On Tuesday, she had a higher level of symptoms in the morning, plus symptoms in the afternoon. For this reason, she rated the day as below average. She asked herself why she had higher than usual symptoms. There was no obvious cause on Tuesday for the flare. Her activity level was similar to that on an average day.

But Monday had been different in several ways. Her activity level was higher. In addition to her time at work, she had shopped and cooked in the morning, and had gone out in the evening. Also, she had skipped her rest, even after sleeping poorly on Sunday night. Her experience was probably an example of how the effects of events can be delayed. Record keeping can help make delayed reactions more evident.

Because her symptoms were even more intense on Wednesday, she rated that day as much below average. She rested in the morning, which helped reduce her symptoms somewhat, but she left work early. She was probably feeling the cumulative effects of several days' activity.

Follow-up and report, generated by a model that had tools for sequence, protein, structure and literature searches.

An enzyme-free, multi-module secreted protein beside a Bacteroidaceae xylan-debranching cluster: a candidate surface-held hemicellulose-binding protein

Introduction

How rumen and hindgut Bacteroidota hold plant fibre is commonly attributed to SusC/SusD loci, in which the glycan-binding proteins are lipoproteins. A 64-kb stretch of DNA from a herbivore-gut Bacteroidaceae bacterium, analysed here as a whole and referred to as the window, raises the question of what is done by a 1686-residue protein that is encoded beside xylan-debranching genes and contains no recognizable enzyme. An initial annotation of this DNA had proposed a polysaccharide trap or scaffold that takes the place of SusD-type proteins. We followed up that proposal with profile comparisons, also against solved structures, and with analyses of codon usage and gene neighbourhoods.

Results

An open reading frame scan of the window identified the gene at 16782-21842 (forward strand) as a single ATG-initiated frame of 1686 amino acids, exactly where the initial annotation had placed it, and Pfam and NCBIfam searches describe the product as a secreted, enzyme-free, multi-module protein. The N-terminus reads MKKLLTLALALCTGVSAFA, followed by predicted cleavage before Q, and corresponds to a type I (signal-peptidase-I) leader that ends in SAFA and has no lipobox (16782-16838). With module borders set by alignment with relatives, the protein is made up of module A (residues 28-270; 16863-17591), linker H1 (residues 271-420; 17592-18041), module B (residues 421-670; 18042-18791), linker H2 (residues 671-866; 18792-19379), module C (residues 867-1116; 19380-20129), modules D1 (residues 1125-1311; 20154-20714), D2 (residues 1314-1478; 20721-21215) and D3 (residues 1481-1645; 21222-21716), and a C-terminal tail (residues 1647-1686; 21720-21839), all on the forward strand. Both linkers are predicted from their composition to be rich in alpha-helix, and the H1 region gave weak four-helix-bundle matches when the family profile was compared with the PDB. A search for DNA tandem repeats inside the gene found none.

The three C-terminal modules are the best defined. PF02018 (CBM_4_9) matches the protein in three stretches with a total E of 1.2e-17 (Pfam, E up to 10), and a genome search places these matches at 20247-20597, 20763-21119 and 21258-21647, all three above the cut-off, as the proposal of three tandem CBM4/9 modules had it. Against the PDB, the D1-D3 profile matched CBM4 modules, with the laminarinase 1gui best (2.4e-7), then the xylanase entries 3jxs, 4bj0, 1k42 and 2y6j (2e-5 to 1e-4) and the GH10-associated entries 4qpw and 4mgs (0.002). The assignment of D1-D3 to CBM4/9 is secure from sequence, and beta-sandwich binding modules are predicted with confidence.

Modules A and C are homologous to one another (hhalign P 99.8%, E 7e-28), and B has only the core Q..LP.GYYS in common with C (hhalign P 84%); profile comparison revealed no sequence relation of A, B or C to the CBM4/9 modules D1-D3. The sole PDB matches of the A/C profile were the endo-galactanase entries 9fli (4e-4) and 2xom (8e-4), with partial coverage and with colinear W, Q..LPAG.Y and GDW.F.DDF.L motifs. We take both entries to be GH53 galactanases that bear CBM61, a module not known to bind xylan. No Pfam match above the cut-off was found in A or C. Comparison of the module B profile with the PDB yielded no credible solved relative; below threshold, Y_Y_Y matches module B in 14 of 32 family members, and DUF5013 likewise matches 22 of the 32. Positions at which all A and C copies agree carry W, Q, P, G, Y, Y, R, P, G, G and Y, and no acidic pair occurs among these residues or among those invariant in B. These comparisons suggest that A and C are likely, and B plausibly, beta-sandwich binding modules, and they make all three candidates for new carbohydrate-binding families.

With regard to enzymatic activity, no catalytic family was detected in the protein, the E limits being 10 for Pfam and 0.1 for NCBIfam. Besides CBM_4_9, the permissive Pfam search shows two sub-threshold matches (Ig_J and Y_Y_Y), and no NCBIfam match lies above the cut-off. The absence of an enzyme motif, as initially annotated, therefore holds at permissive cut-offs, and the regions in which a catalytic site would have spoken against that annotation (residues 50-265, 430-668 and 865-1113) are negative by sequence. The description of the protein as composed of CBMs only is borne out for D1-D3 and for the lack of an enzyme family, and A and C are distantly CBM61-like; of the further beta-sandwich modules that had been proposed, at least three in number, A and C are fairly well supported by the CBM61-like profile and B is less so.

On Thursday, she felt a little better when she got up and spent much of the morning resting before going to work. That rest, in combination with all the rest the previous day, resulted in an average level of symptoms overall. She noted that fibro fog set in after she had been on the computer for 45 minutes. This experience indicates that exceeding limits on mental activity can lead to symptoms.

She forgot to note her activities on Friday morning, but rated the day as better than usual because of having low symptoms in the morning and none in the afternoon or evening. She slipped back to below average on Saturday after spending part of the afternoon doing errands and an hour gardening.

The combination resulted in her standing for a total of three hours, much beyond her one-hour limit. She decided to keep a movie date with a friend for the evening, even though her symptoms were moderate.